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Table 2 Identified design requirements

From: User-centred participatory design of visual cues for isolation precautions

Functional requirements (what the system should do)
Information dissemination• Draw the attention of anyone entering the room that special precautions must be taken.
• Inform any person entering the patient room what isolation status that patient has.
• Inform any person entering the patient room about the isolation precautions they must employ according to the patient’s isolation status.
  ▪ Inform healthcare personnel about required personal protective equipment.
  ▪ Inform cleaning staff about required protective equipment, adapted disinfectants, and prioritised cleaning measures.
  ▪ Inform visitors about required personal protective equipment, or instruct them to see a staff member.
• Inform any person entering the room about the order in which precautions (e.g. donning and doffing personal protective equipment, hand hygiene) should be performed.
• Inform anyone transporting the patient about the transmission-based precautions that should be respected.
• In addition to the three main categories of transmission-based precautions (contact, droplet, and airborne), signage should also be designed to communicate combined or “light” isolation precautions specific to the USZ.
USZ guidelines• Be consistent with USZ guidelines for isolation precautions. The three main isolation categories include:
  ▪ Contact isolation: don gown
  ▪ Droplet isolation: don surgical mask
  ▪ Airborne isolation: don FFP2 mask
• Communicate combined isolation precautions:
  ▪ Contact + Droplet isolation: don gown and surgical mask
  ▪ Contact + Airborne isolation: don gown and FFP2 mask
Non-functional requirements (constraints on the system and its development)
Maintenance restraints• Must be easy to hang and remove on an as-need basis.
• If printed on paper, must either be laminate so that it may be cleaned and reused, or single use.
Accessibility and confidentiality requirements• Should include graphics and symbols to accommodate non-native German speaking personnel.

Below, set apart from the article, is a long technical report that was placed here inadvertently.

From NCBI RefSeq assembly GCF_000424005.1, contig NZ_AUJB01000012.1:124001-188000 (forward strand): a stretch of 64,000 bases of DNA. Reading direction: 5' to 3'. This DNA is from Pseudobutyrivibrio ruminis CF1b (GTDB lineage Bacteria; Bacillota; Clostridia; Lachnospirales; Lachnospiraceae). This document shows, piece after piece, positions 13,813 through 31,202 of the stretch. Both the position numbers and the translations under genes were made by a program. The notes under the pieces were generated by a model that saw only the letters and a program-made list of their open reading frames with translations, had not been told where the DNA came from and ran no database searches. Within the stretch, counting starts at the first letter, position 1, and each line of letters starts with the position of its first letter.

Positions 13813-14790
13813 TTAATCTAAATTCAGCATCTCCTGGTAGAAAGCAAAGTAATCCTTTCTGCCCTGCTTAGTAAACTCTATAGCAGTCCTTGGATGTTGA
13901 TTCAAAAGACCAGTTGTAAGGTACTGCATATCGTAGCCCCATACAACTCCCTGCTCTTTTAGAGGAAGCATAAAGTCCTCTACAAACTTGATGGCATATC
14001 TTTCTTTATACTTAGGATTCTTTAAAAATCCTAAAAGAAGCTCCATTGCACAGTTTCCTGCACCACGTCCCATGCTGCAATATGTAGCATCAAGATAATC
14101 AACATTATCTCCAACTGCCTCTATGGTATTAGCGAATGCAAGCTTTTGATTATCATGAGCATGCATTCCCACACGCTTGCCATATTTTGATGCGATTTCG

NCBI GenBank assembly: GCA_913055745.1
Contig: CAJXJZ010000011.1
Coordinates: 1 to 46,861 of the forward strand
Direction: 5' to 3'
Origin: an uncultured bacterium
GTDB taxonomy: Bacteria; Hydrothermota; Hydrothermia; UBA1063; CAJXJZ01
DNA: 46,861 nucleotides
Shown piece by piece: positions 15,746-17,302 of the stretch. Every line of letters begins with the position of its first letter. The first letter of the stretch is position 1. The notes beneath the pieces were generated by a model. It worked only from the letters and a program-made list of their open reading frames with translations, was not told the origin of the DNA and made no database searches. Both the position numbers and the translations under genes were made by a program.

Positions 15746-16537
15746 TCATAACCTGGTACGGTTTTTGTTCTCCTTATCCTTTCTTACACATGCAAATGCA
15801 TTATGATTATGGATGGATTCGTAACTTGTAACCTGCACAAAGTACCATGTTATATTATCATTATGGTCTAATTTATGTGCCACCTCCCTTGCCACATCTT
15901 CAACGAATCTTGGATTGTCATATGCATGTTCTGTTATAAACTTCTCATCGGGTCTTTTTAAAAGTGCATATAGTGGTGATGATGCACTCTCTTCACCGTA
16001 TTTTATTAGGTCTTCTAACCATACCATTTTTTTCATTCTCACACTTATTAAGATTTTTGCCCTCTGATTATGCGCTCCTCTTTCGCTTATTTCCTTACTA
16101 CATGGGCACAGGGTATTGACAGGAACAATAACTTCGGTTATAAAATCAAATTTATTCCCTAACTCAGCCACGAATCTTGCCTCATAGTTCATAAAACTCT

• Signage should avoid potential patient stigmatisation and should not disclose any confidential patient information.
• Signage must be accessible to individuals with colour vision deficiency, for example by avoiding problematic colour combinations and employing both colours and symbols to convey messages over multiple channels.
Physical environment requirements• Signage must be noticeable relative to other signs in the healthcare setting (appropriate single-to-noise ratio).
• Some indication of the patient’s isolation status should travel with the patient at all times so that the appropriate transmission-based precautions can be communicated at all times (e.g. when the patient is outside of the room where the sign is posted) – this could be attached to the patient herself or to the patient’s bed.
• Signage for housekeeping personnel should be of a portable size (A4 or smaller) so that it can fit on the cleaning trolleys.
Organisational environment requirements• The signage should be able to quickly communicate the required actions, so that healthcare providers do not need to slow down (‘break the rhythm’) to interpret them.
• If sign will be paper-based, it should be easily accessible to staff on the ward when an isolated patient arrives (e.g. printed copies from intranet) or purchasable.
• Any posted signs must be consistent with the Corporate Design Guidelines.
• Information communicated through signage must be consistent with evidence based-guidelines, such as the CDC 2007 guidance, as well as institutional infection control guidelines.
Technical environment requirements• Colour printer must be available if units are to print their own copies of paper-based signage.
• Intranet connection must be available if units are to download the signs.
• Staff must be able to post the signage either by using an adhesive material, or the signs may be printed directly onto an adhesive sheet.
• Handling of signage material should be cost-effective and practical in every-day use.
• It should be possible to update the signage system easily in case new hospital rules/guidelines are introduced.
  1. Legend: Design requirements identified during interviews and observations served as a guide to ensure that subsequent designs met user needs while satisfying functional and non-functional requirements. USZ, University Hospital Zurich; CDC, Centers for Disease Control.